Thursday, February 5, 2015

Are 72-year-olds incapable of sharp thought?

Rep. Dan Bishop of Charlotte has filed a bill to change the law that forces judges to retire at age 72. But it's not the change that's needed.

Bishop, with three co-sponsors, filed a bill Wednesday that would have judges retire on Dec. 31 of the year they turn 72. Current law forces them to retire on the last day of the month in which they turn 72. So the bill would give judges one to 11 extra months before facing mandatory retirement.

That's fine as far as it goes. The change, we imagine, is designed to have a more orderly replacement for the retiring judge. The seat could be on the November ballot and avoid a long vacancy, an appointment, or a special election.

The bill fails, though, in that it does nothing to address the main problem: North Carolina arbitrarily forces outstanding judges into retirement even if they are as mentally and physically as strong as ever. Rather than tinkering with the precise retirement date, North Carolina needs to eliminate the mandatory retirement age of 72 altogether.

Then-Justice Sarah Parker thanks a
waitress at a retirement lunch last year.
 
As we said in an editorial last August, the law forces out good judges who want to keep working and should be allowed to. N.C. Chief Justice Sarah Parker of Charlotte and Superior Court Judge Bill Constangy were both forced to retire last August because of the age limit. Neither was known to have faltered in any way in their abilities.

The law took effect in 1971, when life expectancies and abilities after age 70 were quite different from today. Working at a high level past age 72 is now common in many fields. Federal judges, by comparison, face no mandatory retirement age. And it's costly: the retiring judge gets a healthy pension while the state pays another judge to take the seat.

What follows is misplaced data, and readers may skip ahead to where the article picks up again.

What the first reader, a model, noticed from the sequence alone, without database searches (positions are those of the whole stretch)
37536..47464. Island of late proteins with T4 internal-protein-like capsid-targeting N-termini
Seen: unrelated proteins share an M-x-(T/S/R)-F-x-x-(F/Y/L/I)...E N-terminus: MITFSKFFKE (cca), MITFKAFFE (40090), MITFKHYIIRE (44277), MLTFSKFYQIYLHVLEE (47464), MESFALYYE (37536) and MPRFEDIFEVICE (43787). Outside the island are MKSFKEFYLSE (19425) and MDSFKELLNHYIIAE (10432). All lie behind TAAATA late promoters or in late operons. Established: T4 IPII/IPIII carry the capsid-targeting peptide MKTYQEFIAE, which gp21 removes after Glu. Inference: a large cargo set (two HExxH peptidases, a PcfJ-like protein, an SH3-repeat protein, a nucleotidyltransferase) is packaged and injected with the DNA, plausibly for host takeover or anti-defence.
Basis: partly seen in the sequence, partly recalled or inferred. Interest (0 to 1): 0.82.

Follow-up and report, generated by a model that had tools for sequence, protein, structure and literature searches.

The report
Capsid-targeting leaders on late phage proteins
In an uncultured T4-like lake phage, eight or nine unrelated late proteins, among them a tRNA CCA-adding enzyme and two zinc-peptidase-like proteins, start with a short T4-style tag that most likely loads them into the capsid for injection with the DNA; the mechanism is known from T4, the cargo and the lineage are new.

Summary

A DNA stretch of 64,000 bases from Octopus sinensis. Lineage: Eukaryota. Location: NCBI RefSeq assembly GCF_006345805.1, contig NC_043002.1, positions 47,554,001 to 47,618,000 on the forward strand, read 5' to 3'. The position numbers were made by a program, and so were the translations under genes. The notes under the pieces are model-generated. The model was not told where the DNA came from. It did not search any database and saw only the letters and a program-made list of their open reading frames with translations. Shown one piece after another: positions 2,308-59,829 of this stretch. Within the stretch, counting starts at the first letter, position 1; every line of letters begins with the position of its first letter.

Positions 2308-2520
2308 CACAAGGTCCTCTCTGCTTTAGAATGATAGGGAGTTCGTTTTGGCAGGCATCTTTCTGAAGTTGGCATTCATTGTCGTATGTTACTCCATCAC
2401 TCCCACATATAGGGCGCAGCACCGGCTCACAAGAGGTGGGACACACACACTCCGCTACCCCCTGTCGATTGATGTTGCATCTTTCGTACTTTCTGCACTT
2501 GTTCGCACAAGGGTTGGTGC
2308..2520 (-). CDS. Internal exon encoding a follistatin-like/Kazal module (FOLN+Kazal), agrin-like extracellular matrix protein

As we said in August, "The bigger cost, however, is the experience and wisdom that leave the bench when judges are forced to retire. Let judges -- and the people who elect them -- determine when it's time to go."

Bishop should upgrade his bill by amending it to abolish the age-72 requirement, not just push the retirement off a few months.

-- Taylor Batten

3 comments:

deepenwide said...

I'm 60 with a college education. I have many friends in their 70's and I promise you most of us if pushed to be truthful will tell you that our ability to maintain a high level of critical thinking has diminished. We attempt to substitute critical thinking with wisdom and get away with it most of the time. Judges should retire at 65 in my opinion. They don't because of a thirst for power and status that overpowers their common sense. Sure there are exceptions. A test would not solve the problem because us old fellows with power are good at cheating on tests that are forced upon them. Mandatory 65, go fishing and enjoy your remaining years is the way to go.

Garth Vader said...

The Observer Editorial Board consistently demonstrates that you can be incapable of sharp thought long before you hit 72.

The concept of a career politician was foreign to the people who built this country, as evidenced by George Washington's decision to limit himself to two terms in office, a precedent his successors followed for over 150 years.

Whether by term limits or mandatory retirement, the concept of "officeholder-for-life" must be banished from our civic lexicon.

elite games said...

did you see where the CO's messiah Obama compared Christianity with ISIS? Probably wont' hear that via the MSM.